We are currently on another long distance hike, and the third leg of our "triple crown", the Continental Divide Trail (the "CDT"). Come along with us if you can - if not in person then by following our grand adventure via our "posts from the trail".  Check out our Flickr Photos, which we'll update periodically, and see it through our eyes!

Our Credo...

"Success: To laugh often and much, to win the respect of intelligent people and the affection of children, to earn the appreciation of honest critics and endure the betrayal of false friends, to appreciate beauty, to find the best in others, to leave the world a bit better, whether by a healthy child, a garden patch, or a redeemed social condition; to know even one life has breathed easier because you have lived. This is to have succeeded!" ~Ralph Waldo Emerson

Journal June 7th Two Routes Diverged

Ankle busting rocks dominated the 2 miles we had left to go to the next water cache, slow going. The route also crossed two barbed wire fences with no gates; because they were four strand and somewhat tight, we walked along until we found space to do the belly crawl underneath.

After a breakfast break at the water cache we crossed the highway, which had no cars come or go for the almost hour we were there. This land is deolate and deserted – in fact in the entire “bootheel” of New Mexico there are no towns, no permanent settlements other than the occasional ranch house, and many of those have been absorbed into larger ranching operations serving as little more than large junkyards.

In about a mile the route marker signs seemed to vanish. We walked along in the direction of the Jonathan Ley map, but saw no markers after another mile, so got out the 3 foot by 4 foot, big scale BLM map and determined that the BLM and JL routes diverged for the next 20 miles, pretty dramatically choosing different sides of small range of mountains. We choose the BLM route, partly because if we could find the markers it would be easier to follow. And if the markers disappeared then we could use distant Pyramid peak as our navigational guide.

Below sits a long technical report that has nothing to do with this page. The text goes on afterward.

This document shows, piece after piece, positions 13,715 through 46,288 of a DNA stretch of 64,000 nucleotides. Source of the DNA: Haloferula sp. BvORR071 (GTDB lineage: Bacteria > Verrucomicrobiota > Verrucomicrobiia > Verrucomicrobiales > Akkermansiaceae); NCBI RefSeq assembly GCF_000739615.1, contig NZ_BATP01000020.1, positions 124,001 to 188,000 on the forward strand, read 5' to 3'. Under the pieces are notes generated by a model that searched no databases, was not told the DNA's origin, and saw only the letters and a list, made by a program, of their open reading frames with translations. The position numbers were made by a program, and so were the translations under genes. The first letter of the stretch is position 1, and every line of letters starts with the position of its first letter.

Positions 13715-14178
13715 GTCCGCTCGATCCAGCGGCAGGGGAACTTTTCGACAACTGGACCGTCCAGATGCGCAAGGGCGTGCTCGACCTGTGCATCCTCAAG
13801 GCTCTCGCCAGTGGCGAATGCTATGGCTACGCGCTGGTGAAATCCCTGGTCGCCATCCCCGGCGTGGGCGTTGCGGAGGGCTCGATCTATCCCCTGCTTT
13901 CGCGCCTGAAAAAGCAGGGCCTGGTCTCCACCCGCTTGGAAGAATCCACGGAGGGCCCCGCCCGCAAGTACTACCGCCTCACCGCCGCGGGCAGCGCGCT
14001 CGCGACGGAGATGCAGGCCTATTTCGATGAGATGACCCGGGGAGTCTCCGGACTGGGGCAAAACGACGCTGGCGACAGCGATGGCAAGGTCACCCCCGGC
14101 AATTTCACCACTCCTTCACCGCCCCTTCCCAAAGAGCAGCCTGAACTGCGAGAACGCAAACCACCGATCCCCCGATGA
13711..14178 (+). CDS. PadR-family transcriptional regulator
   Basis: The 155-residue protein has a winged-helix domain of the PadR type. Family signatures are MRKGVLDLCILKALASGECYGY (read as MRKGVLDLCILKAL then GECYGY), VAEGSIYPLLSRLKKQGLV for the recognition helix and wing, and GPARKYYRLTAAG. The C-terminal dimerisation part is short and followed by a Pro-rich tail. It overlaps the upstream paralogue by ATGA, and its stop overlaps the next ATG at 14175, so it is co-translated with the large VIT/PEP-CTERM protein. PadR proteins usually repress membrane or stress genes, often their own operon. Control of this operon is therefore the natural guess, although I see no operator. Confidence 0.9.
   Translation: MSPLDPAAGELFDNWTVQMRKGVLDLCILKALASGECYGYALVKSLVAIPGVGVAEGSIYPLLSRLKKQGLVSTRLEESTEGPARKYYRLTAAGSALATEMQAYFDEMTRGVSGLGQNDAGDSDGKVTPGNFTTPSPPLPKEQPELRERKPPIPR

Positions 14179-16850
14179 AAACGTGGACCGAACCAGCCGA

Flat, barren landscape, with Horny Toads and not much else during the afternoon. In the middle of a sea of desert grass and creosote we found a large juniper tree for a midday shade break. How it got here, it’s nearest relatives at least several miles away, we’ll never know but we are grateful it found this spot to put down roots. In its spreading branches are three large nests of twigs, one at least with nestlings.

All day water wanted to escape, from the leak in the plastic jug which resisted repair with duct tape, to the bite valve pulling off the platypus drinking tube. Not much water was lost, but then water is so precious when it’s 20 miles between sources, hot, dry and desolate.

We made it to the canyon at the base of Pyramid peak in time to watch a rising full, orange moon.

16 miles

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Clicking on any of these photos will take you to that specific photo on our Flickr Stream, where you can view these and many, many more photos from our latest adventure....or use this shortcut to all photos.....we hope you enjoy them!

People Shots

CDT20101_NMWCWMCDT2010_TheTrailCDT2010_NMWC-1Carrot After a Trail BathCarrot Stream Crossing #3,768Carrot on the Trail stillCarrot takes a Trail BathCarrot Stream Crossing #5.875Carrot on the TrailCliff Dwelling SignCarrot takes a PhotoCarrot Stream Crossing # 2,115

Scenic Shots

CDT2010-valleyCDT2010_yellowflowersCarrot on the Trail 3ScenicPotty BreakScenicCliff Dwelling Stream Vast DesertPrickly Pear 2Prickly PearPlateau at Sunset

Flora & Fauna

CDT2010_treesCDT2010_yellowflowersCDT2010-purpleflowersAngry MarmotFlora 3FloraBeaverButterfly 2FloraButterfly